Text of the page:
Collin Peterson remarked last month that he is leaning to run for reelection to Minnesota's 7th Congressional District in 2016. If he does and is victorious, he will creep even closer to the top of the list of the longest-serving U.S. Representatives in Minnesota history. The DFL congressman is only the sixth Minnesotan to win at least 13 terms to the U.S. House of the 135 elected to the chamber in state history. Peterson trails 18-term DFLer Jim Oberstar (1975-2011), 16-term Republicans Harold Knutson (1917-1949) and August Andresen (1925-1933; 1935-1958), and 14-term DFLers Martin Sabo (1979-2007) and John Blatnik (1947-1974). Andresen died in office, Sabo and Blatnik retired, and Knutson and Oberstar were defeated at the ballot box in 1948 and 2010 respectively. At 70 years, 7 months, 11 days through Monday, Peterson is currently the ninth oldest Gopher State U.S. Representative in history. DFLer Rick Nolan of the 8th CD is the seventh oldest at 71 years, 1 month, 23 days.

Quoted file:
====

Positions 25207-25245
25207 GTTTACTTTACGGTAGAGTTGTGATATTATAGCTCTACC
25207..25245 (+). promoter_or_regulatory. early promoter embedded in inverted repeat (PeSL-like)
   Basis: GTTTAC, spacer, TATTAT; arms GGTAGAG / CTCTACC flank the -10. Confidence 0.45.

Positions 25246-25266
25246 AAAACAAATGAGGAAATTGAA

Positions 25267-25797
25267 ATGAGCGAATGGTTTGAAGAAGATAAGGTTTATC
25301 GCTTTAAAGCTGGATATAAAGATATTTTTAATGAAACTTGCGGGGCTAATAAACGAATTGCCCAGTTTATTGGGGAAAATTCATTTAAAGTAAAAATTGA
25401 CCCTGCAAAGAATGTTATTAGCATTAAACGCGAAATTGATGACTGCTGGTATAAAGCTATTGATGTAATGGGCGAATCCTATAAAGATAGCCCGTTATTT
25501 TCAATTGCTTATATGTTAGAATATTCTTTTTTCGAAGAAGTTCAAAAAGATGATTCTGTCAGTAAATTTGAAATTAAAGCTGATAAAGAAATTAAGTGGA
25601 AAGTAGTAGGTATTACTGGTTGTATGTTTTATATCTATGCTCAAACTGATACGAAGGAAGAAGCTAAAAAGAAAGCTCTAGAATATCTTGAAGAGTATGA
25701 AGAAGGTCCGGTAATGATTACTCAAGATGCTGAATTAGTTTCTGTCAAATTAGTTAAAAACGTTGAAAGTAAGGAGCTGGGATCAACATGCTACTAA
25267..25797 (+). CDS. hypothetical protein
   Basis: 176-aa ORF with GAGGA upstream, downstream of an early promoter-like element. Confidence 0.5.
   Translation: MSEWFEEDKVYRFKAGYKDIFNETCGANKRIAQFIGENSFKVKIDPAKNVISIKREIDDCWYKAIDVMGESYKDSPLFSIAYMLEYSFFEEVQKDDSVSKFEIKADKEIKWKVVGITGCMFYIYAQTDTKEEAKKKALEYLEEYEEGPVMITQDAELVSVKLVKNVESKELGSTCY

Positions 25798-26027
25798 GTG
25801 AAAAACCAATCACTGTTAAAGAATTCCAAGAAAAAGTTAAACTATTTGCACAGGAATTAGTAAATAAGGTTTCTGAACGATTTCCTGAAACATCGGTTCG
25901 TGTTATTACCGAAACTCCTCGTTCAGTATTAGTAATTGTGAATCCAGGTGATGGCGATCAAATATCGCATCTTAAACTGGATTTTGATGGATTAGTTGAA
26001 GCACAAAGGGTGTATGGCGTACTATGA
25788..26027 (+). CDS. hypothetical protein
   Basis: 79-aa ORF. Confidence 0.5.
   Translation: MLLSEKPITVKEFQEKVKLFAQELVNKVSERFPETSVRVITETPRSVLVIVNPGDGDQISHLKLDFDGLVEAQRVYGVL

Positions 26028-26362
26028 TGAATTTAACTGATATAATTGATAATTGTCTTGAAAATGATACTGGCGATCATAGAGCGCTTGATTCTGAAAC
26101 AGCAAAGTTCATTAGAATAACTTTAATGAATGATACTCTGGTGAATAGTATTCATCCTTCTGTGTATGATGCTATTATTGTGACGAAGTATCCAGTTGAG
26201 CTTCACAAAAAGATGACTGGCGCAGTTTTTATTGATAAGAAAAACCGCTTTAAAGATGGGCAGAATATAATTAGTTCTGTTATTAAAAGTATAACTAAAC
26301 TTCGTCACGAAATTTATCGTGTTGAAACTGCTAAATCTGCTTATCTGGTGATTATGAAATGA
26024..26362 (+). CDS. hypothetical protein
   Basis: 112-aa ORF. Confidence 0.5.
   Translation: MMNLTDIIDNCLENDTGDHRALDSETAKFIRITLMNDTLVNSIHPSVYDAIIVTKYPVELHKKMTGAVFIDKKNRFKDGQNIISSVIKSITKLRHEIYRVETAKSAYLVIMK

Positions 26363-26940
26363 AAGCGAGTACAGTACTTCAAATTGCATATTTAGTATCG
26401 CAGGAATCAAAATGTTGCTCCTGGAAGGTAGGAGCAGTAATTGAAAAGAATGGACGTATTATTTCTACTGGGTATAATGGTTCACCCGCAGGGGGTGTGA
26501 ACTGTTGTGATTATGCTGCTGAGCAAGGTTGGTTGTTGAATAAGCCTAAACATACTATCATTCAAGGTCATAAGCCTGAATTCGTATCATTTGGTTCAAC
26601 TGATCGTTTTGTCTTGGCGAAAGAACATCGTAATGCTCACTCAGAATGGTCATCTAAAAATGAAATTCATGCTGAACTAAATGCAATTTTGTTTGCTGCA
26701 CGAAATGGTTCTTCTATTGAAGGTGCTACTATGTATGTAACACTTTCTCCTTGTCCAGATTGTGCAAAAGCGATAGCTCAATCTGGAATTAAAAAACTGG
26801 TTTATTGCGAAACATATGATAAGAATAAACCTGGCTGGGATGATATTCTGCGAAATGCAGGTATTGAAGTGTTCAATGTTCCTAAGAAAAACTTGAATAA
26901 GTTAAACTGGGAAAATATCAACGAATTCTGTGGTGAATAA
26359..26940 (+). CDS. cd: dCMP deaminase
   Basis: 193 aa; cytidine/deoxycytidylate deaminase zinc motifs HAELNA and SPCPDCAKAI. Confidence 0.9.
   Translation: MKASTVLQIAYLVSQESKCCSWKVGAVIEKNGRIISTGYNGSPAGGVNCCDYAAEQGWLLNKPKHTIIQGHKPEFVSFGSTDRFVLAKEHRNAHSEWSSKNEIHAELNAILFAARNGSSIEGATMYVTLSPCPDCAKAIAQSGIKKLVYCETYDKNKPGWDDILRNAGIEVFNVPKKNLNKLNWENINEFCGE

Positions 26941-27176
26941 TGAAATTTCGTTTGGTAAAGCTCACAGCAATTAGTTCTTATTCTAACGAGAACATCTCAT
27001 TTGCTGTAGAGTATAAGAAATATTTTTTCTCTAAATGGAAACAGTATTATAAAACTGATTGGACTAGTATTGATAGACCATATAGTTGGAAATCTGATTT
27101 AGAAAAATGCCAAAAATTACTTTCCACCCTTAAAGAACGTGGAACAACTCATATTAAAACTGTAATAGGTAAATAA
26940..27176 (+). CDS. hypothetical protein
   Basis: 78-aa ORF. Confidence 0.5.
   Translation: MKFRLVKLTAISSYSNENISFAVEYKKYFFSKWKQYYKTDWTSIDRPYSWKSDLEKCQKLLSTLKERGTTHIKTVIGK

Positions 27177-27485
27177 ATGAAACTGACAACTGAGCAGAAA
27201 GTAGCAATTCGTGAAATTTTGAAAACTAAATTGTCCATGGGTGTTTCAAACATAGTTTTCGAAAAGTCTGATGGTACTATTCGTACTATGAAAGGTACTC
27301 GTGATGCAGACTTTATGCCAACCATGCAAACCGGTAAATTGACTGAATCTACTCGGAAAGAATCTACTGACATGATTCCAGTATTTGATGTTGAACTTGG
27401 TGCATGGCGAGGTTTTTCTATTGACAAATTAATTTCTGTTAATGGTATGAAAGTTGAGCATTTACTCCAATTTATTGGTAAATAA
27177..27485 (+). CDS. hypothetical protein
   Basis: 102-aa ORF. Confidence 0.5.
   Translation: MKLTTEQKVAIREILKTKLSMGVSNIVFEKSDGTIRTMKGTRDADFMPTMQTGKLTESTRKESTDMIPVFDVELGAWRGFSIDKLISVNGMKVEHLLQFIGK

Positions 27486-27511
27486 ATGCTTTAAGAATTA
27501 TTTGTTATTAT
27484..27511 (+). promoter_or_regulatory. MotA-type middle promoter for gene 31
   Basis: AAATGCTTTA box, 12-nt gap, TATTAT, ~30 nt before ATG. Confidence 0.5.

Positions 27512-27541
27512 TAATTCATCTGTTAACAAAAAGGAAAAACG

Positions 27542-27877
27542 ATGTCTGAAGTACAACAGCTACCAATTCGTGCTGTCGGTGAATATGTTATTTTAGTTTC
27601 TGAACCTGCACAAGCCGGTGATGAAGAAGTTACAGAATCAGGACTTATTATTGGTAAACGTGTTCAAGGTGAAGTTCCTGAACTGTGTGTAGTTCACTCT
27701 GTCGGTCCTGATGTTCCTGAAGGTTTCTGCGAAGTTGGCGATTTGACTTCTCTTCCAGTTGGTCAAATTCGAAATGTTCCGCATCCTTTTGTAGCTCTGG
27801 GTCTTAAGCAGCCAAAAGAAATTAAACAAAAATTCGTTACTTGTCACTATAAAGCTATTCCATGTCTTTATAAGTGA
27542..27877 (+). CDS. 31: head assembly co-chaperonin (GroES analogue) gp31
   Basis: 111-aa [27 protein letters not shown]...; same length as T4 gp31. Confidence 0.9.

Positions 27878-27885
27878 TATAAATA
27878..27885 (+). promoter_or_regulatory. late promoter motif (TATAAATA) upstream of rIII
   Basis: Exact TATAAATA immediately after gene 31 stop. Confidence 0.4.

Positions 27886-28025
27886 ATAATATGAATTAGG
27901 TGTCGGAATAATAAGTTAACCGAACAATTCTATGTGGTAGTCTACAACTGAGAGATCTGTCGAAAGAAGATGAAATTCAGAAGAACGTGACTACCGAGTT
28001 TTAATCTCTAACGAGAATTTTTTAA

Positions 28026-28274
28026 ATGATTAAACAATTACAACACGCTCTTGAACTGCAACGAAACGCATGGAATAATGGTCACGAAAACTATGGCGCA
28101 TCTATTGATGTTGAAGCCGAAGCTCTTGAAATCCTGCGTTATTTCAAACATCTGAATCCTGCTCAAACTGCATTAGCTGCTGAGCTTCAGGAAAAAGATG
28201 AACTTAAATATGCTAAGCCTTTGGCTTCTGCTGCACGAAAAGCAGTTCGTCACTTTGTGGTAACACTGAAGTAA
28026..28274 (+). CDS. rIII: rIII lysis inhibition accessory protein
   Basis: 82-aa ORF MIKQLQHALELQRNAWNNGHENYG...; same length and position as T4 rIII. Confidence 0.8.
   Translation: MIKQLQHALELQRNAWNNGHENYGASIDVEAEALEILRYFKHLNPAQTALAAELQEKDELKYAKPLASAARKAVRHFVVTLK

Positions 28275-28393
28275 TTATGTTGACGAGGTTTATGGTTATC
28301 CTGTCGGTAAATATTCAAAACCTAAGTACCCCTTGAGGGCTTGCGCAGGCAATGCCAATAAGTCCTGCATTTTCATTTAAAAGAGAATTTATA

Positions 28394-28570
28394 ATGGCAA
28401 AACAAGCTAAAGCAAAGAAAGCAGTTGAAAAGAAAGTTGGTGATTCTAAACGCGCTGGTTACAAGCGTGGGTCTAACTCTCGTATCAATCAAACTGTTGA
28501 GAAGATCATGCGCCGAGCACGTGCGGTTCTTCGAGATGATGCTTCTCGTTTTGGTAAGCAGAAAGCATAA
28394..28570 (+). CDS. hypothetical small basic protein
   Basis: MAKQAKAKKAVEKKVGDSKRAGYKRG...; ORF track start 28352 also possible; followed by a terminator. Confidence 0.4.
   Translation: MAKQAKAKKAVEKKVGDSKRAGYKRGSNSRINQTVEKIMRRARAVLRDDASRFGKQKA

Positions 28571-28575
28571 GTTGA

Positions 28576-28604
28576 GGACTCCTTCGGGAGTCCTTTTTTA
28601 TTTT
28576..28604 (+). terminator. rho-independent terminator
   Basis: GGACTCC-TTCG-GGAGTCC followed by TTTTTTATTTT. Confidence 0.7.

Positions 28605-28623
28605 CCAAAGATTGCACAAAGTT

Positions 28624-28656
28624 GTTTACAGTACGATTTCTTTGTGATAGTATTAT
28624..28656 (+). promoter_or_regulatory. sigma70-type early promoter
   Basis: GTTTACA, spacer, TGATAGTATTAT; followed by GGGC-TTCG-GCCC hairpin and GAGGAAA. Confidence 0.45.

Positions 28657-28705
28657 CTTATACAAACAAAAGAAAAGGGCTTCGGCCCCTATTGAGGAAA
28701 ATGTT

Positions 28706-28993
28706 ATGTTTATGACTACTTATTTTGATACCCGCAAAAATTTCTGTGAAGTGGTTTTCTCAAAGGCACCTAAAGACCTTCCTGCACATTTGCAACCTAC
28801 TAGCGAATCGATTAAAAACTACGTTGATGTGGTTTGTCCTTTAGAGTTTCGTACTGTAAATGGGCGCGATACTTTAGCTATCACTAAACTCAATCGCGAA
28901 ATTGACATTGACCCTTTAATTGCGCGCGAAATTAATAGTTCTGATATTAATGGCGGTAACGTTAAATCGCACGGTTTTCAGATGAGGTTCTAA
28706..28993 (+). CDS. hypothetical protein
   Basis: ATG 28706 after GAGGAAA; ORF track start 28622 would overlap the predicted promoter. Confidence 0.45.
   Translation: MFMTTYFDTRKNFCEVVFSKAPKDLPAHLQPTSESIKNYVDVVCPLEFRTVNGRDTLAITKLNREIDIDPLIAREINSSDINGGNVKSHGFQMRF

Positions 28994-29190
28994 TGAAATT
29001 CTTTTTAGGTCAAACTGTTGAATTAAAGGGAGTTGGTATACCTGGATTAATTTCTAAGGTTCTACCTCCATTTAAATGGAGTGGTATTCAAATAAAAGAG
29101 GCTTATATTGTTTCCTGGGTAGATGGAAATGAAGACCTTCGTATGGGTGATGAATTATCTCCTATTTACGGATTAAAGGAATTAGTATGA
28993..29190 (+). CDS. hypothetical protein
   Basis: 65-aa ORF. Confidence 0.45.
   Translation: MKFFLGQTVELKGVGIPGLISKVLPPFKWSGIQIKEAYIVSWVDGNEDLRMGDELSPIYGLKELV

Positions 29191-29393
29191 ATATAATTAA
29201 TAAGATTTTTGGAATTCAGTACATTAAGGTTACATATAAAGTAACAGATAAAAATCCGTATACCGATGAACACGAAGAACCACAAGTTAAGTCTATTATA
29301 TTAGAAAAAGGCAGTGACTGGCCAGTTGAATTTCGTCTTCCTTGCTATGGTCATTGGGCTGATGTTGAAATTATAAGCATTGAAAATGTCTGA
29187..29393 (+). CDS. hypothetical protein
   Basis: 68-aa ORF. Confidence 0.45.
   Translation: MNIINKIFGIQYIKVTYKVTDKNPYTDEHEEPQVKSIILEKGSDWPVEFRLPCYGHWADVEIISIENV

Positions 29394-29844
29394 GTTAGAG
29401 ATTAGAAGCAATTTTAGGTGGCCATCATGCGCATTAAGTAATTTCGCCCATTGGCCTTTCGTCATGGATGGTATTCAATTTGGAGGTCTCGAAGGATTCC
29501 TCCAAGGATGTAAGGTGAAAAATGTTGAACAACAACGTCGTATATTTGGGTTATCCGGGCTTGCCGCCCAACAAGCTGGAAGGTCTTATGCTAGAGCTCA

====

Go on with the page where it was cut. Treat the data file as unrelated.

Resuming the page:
Seeing Red

    Congressman Nick Rahall's failed bid for a 20th term in West Virginia this cycle, combined with a narrow loss by Nick Casey to Alex Mooney in Shelley Moore Capito's open seat, means that West Virginia Democrats will be shut out of the state's U.S. House delegation for the first time in over 90 years. The Republican sweep by two-term incumbent David McKinley in the 1st CD, Mooney in the 2nd, and Evan Jenkins over Rahall in the 3rd marks the first time the GOP has held all seats in the chamber from West Virginia since the Election of 1920. During the 67th Congress (1921-1923) all six seats from the state were controlled by the GOP. Since the Election of 1922, Democrats have won 76 percent of all U.S. House elections in the Mountain State - capturing 172 seats compared to 54 for the GOP.